Key transport-related air quality challenges: (ex: vehicle growth, old fleet, dirty fuel, poor public transport etc)  Transport is among the most important source of air pollution in the US  In the major cities public transport is well developed and several options spanning from railways, tramps, metros and bus are available for commuters.  Use of personal cars is the most dominant mode of transport  Low fuel cost which stood at USD 0.68 per litre in 20155 does not deter the use of private cars.  Private car ownership is high with 809 cars per 1000 individuals in 20126

Vehicle emission limit: (Euro rating)  EPA regulates the emissions from mobile sources by setting standards for the specific pollutants being emitted.  EPA established progressively more stringent emission standards for carbon monoxide, hydrocarbons, nitrogen oxides, and particulate matter, starting in the mid-1970s for onroad vehicles and in the early 1990s for non-road engines and equipment.  These standards specifically restrict emissions of CO, NOx, PM, HCHO, NMHC.  Currently Tier 2 standards are the current set of federal emissions regulations.  Tier 2 standards require that vans, pickups and large SUVs be subject to the same emissions regulations as passenger cars irrespective of the fuel used.  The new Tier 3 standard will come into force in 2017 Fuel Sulphur content: (in ppm)  Maximum allowable sulphur level in petrol and diesel fuels is 15ppm Fuel Lead content: All vehicles use lead free gasoline Restriction on used car importation:

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‘Gasoline Prices around the World, 28-Sep-2015 | GlobalPetrolPrices.com’ [accessed 5 October 2015]. World Bank, Worldwide Total Motor Vehicles (per 1,000 People), 2011 [accessed 30 June 2015].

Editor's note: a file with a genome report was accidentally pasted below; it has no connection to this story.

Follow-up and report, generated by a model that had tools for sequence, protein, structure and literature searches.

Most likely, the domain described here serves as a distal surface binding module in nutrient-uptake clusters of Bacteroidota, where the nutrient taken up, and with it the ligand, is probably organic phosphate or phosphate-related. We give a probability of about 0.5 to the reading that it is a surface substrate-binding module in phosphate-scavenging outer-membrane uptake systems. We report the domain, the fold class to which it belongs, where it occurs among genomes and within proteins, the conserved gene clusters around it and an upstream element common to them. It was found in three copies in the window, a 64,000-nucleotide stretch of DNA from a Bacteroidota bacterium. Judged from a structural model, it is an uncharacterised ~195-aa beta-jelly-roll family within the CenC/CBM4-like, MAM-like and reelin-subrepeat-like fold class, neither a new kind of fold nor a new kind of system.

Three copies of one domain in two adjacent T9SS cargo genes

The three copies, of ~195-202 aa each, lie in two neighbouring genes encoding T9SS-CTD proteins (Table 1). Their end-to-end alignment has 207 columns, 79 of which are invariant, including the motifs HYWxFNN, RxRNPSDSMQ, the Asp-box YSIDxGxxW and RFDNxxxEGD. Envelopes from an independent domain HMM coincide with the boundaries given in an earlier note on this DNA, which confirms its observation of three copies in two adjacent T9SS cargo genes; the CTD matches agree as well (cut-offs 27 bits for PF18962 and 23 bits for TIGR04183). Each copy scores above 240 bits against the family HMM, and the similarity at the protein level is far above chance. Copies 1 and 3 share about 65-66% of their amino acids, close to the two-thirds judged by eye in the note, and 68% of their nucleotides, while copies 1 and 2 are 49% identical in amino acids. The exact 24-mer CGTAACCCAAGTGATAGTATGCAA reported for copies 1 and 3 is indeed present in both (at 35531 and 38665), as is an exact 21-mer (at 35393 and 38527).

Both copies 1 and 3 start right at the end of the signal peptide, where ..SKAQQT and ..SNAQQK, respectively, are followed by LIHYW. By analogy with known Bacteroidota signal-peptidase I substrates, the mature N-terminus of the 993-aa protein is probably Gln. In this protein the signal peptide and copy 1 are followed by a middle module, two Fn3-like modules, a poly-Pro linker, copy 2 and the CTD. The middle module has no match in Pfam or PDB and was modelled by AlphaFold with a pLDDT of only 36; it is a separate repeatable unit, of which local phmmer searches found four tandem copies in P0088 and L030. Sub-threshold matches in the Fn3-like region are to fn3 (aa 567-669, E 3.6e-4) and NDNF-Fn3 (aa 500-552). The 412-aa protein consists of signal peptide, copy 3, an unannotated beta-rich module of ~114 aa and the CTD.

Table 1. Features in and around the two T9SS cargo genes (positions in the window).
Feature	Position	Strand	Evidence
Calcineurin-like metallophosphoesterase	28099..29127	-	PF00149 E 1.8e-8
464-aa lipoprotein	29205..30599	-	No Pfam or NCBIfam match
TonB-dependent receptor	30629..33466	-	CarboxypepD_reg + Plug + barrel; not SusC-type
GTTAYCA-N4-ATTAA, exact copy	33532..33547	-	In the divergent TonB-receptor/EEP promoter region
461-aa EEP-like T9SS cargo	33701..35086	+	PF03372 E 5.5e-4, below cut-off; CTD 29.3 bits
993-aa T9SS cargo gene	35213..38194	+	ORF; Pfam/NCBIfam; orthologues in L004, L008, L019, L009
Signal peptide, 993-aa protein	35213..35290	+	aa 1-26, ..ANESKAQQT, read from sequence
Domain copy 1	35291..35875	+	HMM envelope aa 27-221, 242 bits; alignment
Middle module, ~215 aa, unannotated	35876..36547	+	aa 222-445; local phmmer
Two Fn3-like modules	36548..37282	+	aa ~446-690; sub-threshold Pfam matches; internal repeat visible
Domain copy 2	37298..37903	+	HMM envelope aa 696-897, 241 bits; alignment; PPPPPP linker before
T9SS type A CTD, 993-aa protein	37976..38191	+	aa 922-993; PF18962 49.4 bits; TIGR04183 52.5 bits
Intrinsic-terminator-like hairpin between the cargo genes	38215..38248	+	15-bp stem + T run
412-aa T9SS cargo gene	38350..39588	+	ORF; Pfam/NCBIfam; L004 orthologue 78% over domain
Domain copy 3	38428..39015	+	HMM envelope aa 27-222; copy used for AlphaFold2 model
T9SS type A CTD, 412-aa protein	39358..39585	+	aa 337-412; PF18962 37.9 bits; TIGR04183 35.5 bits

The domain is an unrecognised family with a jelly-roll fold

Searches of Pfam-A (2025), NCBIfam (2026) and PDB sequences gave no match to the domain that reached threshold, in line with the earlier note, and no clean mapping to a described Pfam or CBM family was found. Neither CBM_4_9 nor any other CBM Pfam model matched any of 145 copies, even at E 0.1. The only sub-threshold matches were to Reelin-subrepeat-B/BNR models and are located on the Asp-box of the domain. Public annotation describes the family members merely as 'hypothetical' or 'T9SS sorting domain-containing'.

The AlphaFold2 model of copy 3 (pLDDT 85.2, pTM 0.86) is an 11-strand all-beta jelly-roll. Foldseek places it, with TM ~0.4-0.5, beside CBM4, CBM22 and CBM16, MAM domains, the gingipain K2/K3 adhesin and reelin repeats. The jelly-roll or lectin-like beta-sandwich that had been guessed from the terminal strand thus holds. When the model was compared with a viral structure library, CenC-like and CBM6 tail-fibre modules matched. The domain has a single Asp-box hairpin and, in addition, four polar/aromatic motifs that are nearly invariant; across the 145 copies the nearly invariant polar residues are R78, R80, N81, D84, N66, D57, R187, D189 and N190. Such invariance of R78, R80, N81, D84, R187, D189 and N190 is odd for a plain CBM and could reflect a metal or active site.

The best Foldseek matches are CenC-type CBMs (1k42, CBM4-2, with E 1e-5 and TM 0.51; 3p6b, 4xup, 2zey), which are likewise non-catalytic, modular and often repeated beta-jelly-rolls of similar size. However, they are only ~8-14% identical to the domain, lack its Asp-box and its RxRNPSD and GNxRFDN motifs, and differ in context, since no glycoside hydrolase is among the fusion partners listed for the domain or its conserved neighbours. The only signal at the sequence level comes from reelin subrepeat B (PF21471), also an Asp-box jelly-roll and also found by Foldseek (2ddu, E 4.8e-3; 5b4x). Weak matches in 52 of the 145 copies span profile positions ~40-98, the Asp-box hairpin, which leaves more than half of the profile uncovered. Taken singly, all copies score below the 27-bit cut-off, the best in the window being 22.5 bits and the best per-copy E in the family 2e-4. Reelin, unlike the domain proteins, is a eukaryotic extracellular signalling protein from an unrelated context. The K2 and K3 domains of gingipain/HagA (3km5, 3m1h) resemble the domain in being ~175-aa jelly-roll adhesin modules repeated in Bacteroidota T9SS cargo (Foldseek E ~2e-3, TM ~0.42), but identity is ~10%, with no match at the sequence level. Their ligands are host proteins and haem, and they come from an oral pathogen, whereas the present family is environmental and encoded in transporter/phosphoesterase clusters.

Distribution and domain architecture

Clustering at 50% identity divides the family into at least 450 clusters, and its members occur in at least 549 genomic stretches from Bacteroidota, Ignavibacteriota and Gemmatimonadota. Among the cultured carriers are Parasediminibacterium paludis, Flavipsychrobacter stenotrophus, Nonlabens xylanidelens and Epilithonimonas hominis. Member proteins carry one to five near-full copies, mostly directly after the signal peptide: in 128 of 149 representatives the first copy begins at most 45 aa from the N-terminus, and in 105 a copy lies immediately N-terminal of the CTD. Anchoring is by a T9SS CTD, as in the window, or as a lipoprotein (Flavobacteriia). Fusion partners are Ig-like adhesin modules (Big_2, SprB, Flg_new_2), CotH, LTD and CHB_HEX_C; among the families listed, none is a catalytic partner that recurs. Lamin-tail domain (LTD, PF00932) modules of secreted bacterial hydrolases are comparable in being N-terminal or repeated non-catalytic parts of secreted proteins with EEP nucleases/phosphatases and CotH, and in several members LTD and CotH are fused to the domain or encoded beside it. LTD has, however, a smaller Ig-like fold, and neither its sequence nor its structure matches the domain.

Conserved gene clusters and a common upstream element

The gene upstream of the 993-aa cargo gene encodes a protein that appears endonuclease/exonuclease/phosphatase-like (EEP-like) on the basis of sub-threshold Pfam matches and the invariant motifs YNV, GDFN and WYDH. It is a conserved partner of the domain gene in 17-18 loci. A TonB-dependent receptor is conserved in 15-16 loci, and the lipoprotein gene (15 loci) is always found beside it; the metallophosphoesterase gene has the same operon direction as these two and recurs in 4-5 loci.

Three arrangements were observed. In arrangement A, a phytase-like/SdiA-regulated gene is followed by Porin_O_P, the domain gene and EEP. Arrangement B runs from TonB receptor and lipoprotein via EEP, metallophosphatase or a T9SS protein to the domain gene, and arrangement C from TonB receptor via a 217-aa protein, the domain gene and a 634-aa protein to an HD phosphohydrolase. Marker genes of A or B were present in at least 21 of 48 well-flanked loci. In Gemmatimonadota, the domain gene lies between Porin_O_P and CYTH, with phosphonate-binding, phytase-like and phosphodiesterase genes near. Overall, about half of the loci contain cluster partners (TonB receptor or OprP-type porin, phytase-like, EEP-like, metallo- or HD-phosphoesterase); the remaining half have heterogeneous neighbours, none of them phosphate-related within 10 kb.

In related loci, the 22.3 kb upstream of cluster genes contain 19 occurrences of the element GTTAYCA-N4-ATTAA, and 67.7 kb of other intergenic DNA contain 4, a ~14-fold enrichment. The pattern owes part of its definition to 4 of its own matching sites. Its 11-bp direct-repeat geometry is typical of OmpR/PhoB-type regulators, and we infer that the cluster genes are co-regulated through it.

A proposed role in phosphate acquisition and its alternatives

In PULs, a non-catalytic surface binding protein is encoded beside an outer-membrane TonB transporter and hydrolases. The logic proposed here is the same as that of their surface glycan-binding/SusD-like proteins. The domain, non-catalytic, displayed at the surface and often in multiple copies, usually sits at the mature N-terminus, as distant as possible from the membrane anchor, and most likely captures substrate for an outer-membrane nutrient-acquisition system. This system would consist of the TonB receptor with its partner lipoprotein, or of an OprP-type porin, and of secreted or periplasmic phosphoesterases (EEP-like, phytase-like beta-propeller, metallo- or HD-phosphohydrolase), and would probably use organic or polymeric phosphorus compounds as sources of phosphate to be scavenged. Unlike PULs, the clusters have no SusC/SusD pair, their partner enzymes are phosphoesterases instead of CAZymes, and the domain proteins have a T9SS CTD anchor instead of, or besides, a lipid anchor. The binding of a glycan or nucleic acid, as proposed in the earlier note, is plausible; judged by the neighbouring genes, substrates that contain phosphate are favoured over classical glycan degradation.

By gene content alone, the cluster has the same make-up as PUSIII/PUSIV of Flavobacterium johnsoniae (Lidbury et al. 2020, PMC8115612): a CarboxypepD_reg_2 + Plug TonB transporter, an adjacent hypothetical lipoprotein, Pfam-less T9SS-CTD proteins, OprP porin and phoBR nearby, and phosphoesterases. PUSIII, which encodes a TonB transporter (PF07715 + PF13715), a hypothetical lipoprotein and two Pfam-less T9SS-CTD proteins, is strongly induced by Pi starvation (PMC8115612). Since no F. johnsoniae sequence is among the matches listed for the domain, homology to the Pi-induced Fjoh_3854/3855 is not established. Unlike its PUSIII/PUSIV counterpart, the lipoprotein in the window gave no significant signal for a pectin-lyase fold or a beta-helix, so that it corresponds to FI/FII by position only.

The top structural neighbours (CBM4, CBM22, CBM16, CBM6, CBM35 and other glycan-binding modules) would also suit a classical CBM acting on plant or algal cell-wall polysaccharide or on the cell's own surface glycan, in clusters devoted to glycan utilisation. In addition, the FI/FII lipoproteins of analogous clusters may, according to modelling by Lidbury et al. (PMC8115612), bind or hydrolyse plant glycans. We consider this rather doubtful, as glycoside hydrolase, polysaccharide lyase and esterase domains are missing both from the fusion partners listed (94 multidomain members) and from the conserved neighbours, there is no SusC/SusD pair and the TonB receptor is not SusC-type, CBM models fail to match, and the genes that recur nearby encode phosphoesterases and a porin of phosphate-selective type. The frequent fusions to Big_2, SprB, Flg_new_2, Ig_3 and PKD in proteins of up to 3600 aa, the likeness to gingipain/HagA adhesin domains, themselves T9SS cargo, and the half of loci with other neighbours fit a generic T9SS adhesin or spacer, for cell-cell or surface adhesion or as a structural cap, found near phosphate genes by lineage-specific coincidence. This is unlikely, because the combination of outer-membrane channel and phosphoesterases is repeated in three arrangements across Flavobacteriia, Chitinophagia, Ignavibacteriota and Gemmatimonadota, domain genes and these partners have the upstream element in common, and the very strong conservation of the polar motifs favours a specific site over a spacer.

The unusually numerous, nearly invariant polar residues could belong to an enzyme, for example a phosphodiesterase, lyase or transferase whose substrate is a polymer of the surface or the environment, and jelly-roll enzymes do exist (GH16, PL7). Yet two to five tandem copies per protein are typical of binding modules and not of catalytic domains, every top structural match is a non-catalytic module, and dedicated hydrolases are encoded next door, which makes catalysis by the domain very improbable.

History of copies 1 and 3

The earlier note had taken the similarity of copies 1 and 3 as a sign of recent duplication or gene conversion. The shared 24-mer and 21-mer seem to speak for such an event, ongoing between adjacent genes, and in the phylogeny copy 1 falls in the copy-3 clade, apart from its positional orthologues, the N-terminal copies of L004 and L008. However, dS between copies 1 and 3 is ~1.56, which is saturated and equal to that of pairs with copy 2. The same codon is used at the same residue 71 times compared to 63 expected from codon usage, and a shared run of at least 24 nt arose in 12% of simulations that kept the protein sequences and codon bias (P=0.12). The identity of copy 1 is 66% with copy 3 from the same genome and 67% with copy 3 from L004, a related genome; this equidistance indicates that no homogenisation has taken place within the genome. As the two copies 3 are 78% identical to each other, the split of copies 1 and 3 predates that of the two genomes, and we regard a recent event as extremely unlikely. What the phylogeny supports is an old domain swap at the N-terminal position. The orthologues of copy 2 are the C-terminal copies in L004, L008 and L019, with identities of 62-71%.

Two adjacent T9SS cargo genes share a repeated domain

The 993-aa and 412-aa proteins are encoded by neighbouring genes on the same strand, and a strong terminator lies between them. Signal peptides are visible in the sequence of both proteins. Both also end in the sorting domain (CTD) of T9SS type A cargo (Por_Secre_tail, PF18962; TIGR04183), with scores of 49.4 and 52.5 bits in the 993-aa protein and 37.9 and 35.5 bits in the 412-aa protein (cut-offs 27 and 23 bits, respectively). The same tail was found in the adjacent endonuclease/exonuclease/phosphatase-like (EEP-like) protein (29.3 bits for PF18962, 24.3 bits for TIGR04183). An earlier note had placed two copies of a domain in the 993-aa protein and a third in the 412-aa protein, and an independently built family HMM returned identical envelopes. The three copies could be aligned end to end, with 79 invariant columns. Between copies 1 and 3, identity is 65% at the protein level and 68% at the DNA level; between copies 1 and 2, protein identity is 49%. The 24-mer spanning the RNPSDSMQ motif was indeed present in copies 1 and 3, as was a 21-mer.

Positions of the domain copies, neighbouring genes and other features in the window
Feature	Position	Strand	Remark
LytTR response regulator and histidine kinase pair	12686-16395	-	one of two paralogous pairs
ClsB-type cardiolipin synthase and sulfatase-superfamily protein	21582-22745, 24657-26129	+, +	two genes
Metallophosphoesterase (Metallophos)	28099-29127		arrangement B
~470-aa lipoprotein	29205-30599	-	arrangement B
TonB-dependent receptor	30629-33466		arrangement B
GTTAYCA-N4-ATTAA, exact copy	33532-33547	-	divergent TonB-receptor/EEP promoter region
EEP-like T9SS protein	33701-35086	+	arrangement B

 Used cars imported into the country must conform to all the EPA and department of transportation requirements. Actions to expand, improve and promote public transport and mass transit:  Public institutions are encouraged to employ various methods that reduce emissions from the use of personal cars, such initiatives include: telecommuting, flexitime, compressed workweeks, staggered work hours, and incentives for public transportation and ridesharing Actions to promote non-motorized transport: (ex: include sidewalks and bike lanes in new road projects, car-free areas etc)  The U.S. Department of Transportation works with state and local level stakeholders to promote and implement these types of actions/policies. REDUCE EMISSIONS FROM OPEN BURNING: OUTDOOR

REDUCE EMISSIONS FROM OPEN BURNING: INDOOR

Outdoor, open burning: (ex: is it commonly done? burning what kinds of wastes? etc)  Forest fires can significantly deteriorate air quality in some regions within the US  Burning of agricultural waste can also impact local regional air quality Dominant fuels used for cooking and space heating:  Burning of biomass for space heating is still common during wintertime Impact:

Legal framework: (ex: is burning banned?)  Most states have regulations governing open burning  Individuals can apply for open burning permits when need be Actions to prevent open burning of municipal waste and / or agricultural waste:  Open burning rules and regulations are enforced by insurance fines and penalties Indoor air pollution regulated: (Yes / No)  On February 3, 2015, EPA promulgated new source performance standards for residential wood heaters to make new heaters significantly cleaner Promotion of cleaner cooking fuels and clean stoves:  Energy star is an EPA voluntary program that helps businesses and individuals save money and protect our climate through superior energy efficiency.